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Read Making a Killing

home / healthcare / in the media

The Gazette (Montreal, Canada)
Aug 26, 2004

by CanWest News Service

Seniors on Rx Express roll into B.C.

VANCOUVER -- When Carole Jaquez, 78, stepped off the Rx Express yesterday - a train carrying 25 American seniors seeking cheaper medical prescriptions in Canada - the retired California college adviser had travelled 2,000 kilometres in a bid to cut her sky-rocketing monthly drug bill in half.

Canadian health organizations did not stand in her way. "It's none of our business and furthermore, it's not an issue," said College of Physicians and Surgeons registrar Morris VanAndel.

In Canada, prescription drugs sell for 30 to 60 per cent less than in the U.S. because the Canadian government buys in bulk and negotiates rates, Rx Express organizer Jerry Flanagan says.

"In the United States, one out of four seniors has to choose between buying the prescriptions that they need and paying for other staples such as food and rent."

Stephanie Barstow, 70 and her husband, Carl, of San Fernando Valley, Los Angeles, spend $600 U.S. a month on medication. Carl Barstow, a former mechanical engineer, has had strokes, open heart surgery, kidney problems and unsuccessful back surgery. Stephanie Barstow is a retired social worker living with arthritis.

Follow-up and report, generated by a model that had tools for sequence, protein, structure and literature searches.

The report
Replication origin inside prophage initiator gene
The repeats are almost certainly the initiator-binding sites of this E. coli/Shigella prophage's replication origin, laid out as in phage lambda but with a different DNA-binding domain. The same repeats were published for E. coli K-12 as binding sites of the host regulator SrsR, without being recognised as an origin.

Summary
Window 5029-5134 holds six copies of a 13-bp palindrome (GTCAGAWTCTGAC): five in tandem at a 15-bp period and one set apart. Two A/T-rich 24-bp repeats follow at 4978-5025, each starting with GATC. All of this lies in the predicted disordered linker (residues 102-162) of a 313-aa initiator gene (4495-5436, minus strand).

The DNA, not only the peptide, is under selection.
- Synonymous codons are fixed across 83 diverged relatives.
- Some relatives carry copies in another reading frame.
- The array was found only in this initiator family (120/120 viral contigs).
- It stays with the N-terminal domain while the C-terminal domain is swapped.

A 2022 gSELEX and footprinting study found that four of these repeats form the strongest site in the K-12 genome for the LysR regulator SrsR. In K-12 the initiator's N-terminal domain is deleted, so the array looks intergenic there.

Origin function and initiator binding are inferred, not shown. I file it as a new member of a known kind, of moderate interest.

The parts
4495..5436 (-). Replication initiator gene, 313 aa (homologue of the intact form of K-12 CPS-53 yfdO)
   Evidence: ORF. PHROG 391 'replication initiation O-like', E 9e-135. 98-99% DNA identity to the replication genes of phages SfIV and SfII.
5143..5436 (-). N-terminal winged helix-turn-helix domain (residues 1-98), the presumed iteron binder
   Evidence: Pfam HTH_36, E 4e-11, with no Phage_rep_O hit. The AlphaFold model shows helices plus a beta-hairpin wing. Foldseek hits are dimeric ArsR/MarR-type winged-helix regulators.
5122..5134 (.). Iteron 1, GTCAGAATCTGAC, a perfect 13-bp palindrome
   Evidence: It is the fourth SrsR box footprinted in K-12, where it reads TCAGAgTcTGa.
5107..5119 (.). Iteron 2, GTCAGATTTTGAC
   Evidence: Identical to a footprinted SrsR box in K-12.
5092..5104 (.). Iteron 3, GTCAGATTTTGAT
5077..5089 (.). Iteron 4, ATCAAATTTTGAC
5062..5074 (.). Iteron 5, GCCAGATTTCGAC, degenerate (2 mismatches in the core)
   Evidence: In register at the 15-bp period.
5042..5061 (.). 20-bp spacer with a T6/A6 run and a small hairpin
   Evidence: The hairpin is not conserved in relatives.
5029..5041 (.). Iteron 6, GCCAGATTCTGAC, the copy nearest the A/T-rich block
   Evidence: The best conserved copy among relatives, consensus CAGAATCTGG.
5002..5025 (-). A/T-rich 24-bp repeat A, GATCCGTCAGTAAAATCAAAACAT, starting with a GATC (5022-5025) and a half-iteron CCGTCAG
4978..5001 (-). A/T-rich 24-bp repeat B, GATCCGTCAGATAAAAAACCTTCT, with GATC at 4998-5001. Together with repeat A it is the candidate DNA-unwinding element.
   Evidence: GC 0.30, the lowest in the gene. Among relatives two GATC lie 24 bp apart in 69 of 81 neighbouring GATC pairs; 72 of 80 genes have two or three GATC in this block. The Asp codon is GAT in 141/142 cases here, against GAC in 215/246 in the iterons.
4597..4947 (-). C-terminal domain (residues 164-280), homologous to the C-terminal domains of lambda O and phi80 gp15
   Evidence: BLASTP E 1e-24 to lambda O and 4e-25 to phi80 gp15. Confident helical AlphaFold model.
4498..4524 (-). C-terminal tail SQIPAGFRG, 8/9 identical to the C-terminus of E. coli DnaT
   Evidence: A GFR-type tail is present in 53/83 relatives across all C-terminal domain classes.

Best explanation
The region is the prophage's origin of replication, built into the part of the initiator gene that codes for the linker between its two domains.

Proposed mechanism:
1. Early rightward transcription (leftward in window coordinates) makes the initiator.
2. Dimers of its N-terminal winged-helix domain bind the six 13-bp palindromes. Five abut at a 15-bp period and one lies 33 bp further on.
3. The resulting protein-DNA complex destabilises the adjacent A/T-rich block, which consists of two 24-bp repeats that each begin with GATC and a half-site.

The frugal couple shops for clothing and books at thrift stores but they still have difficulty meeting their prescription drug costs.

Until recently, they supplemented their prescriptions with samples from their doctor, but that is no longer possible.

They hope to get a renewable three-month prescription for a one-year supply. The U.S. Food and Drug Administration bans the importation of drugs from Canada, but does allow people to buy up to three months' supply for personal use.

The British Columbia Nurses' Union assisted The Foundation for Taxpayer and Consumer Rights with Rx Express.

"Regulations and not having direct-to-consumer advertising keeps our drug costs down and we think citizens in the U.S. should have lower costs as well," said Patt Shuttleworth, the British Columbia Nurses' Union vice-president.

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